Moreover, there are fewer doping cases because the athletes are becoming better at cheating, and are surrounded by people who support their doping. Don Catlin, the former head of the UCLA Olympic Analytical Laboratory, told Macur: “There’s a notion that, oh, they have drug testing, there are no more doping problems in the sport, but unfortunately that is not the case. The testing is just not that good. There are holes. There are loopholes, and we’re constantly trying to plug them … Athletes, particularly the most successful ones, have a complex network of people around them to figure out how to beat the drug tests.”
Much of the reporting placed the allegations against Armstrong in the context of professional cycling in the 1990s and 2000s, a period marred by a succession of doping scandals, during which, The Guardian wrote, a culture of secrecy allegedly existed to protect drug use. Riders’ performances were radically improved at the time by the use of hormones such as EPO, which worked by increasing the amount of red blood cells that transported oxygen, allowing endurance cyclists to ride harder and longer.
Yet, as Barry Petchesky at the sports news site, Deadspin, reported in a piece notable for its detailed description of pharmacology, determining the existence of EPO is difficult. “It’s not a simple yes-no test - EPO can’t be detected directly,” he wrote. “Instead, multiple blood samples are taken and compared to baseline readings to determine if the rider is using something artificial.” Petchesky added: “Testing is still in its infancy. A test for EPO didn’t exist until 2000 and wasn’t successfully used to catch doping until the 2002 Olympics. The accuracy of the procedure is getting better, but still has flaws. A 2008 study sent identical blood samples to two … [WADA] labs, and the labs came back with completely different results. In one case, Lab A reported that all eight samples were positive for EPO doping, while Lab B found that all eight were negative.”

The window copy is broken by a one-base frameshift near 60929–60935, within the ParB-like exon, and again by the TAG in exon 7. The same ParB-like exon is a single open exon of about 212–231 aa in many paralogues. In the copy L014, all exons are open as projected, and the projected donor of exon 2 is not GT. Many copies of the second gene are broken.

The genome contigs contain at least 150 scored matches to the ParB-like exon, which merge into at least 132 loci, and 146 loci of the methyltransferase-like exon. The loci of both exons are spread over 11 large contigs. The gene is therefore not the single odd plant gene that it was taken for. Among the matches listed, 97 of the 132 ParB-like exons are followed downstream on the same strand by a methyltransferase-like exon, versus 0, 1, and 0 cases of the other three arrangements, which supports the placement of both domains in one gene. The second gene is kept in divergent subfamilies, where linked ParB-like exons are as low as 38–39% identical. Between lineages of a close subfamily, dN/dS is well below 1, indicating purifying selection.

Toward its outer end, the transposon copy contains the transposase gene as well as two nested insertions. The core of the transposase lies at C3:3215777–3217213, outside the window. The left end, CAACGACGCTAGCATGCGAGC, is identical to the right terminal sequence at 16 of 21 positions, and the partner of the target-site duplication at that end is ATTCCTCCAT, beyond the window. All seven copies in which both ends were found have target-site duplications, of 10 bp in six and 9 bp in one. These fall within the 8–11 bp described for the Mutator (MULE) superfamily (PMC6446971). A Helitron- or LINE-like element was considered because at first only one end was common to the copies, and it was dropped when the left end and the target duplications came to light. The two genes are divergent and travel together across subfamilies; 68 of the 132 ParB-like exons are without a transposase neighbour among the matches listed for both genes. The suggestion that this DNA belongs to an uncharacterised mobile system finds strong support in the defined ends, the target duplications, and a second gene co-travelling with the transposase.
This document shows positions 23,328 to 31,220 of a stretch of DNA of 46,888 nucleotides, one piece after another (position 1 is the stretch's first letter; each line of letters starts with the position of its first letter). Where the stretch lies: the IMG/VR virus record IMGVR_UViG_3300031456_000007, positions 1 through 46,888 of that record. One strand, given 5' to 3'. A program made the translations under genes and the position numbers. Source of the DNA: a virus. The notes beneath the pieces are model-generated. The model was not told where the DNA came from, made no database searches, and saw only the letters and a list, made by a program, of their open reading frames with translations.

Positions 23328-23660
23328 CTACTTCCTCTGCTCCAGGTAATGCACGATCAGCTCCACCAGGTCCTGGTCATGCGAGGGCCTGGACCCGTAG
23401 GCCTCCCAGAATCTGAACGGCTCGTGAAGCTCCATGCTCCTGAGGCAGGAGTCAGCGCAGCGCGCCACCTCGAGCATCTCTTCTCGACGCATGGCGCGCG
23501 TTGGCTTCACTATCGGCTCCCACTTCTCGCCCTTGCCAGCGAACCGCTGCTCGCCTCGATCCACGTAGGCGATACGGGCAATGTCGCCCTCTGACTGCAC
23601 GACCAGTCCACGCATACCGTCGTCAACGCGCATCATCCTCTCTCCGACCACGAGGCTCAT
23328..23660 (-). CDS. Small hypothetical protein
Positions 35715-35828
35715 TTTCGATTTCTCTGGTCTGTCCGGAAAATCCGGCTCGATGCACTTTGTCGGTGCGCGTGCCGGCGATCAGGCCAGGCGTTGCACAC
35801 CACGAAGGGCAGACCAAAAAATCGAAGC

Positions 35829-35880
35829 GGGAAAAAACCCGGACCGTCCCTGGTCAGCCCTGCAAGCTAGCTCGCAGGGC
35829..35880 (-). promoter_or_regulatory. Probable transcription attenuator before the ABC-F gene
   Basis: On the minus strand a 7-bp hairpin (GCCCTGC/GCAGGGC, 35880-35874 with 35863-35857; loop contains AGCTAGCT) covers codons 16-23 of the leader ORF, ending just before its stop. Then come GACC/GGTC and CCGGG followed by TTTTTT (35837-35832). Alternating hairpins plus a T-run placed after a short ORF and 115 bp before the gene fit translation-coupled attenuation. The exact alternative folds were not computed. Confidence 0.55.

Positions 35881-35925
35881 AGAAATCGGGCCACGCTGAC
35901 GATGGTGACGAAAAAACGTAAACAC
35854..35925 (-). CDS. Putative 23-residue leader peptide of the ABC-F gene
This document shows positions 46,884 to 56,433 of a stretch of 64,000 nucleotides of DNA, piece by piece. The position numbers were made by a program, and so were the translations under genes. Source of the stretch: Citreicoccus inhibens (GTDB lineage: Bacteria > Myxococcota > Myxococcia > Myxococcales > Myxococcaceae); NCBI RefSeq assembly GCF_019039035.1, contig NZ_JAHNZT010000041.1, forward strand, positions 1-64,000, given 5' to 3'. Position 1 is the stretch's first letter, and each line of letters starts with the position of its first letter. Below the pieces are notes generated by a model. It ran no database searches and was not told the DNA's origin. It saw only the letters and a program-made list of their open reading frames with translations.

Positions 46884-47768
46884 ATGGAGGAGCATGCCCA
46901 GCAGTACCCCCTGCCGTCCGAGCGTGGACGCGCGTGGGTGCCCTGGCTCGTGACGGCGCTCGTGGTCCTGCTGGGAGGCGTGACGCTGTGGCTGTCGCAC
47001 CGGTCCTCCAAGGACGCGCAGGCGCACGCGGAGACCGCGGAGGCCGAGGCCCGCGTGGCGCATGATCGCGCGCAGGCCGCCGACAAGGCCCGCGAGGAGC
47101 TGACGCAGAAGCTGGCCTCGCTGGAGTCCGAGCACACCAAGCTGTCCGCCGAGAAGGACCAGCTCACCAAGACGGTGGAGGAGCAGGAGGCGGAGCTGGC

The lack of reporting from science journalists may reflect the fact that the Armstrong case is primarily a sports story and is therefore most likely to be covered by the sports desk. But the story features several interconnected pieces, which cross several reporting beats. USA Today, for example, discussed the international turf-war over which organization, USADA or WADA, has jurisdiction over the Armstrong case. Bloomberg Businessweek, in an article titled, “Lance Inc.,” reported on the financial fallout from the case, including the spike in donations to Armstrong’s cancer charity that occurred the day after he released his statement. The Huffington Post and The New York Times featured rich ethical discussions about the use of performance-enhancing drugs in sport and society.
The USADA has not set a date for the disclosure of its evidence. But in the meantime readers, can get a first-hand account of how systematic doping is conducted by reading the recently published book, The Secret Race, by Tyler Hamilton, a former teammate of Armstrong who admitted taking banned substances. Early reviews in USA Today and The New York Times noted that it focuses heavily on Armstrong and features detailed descriptions of the practice of doping. If and when the agency’s full evidence against Armstrong does become public, then science reporters will have another opportunity to add their expertise to the many voices evaluating the legacy of one of the most iconic athletes of modern times.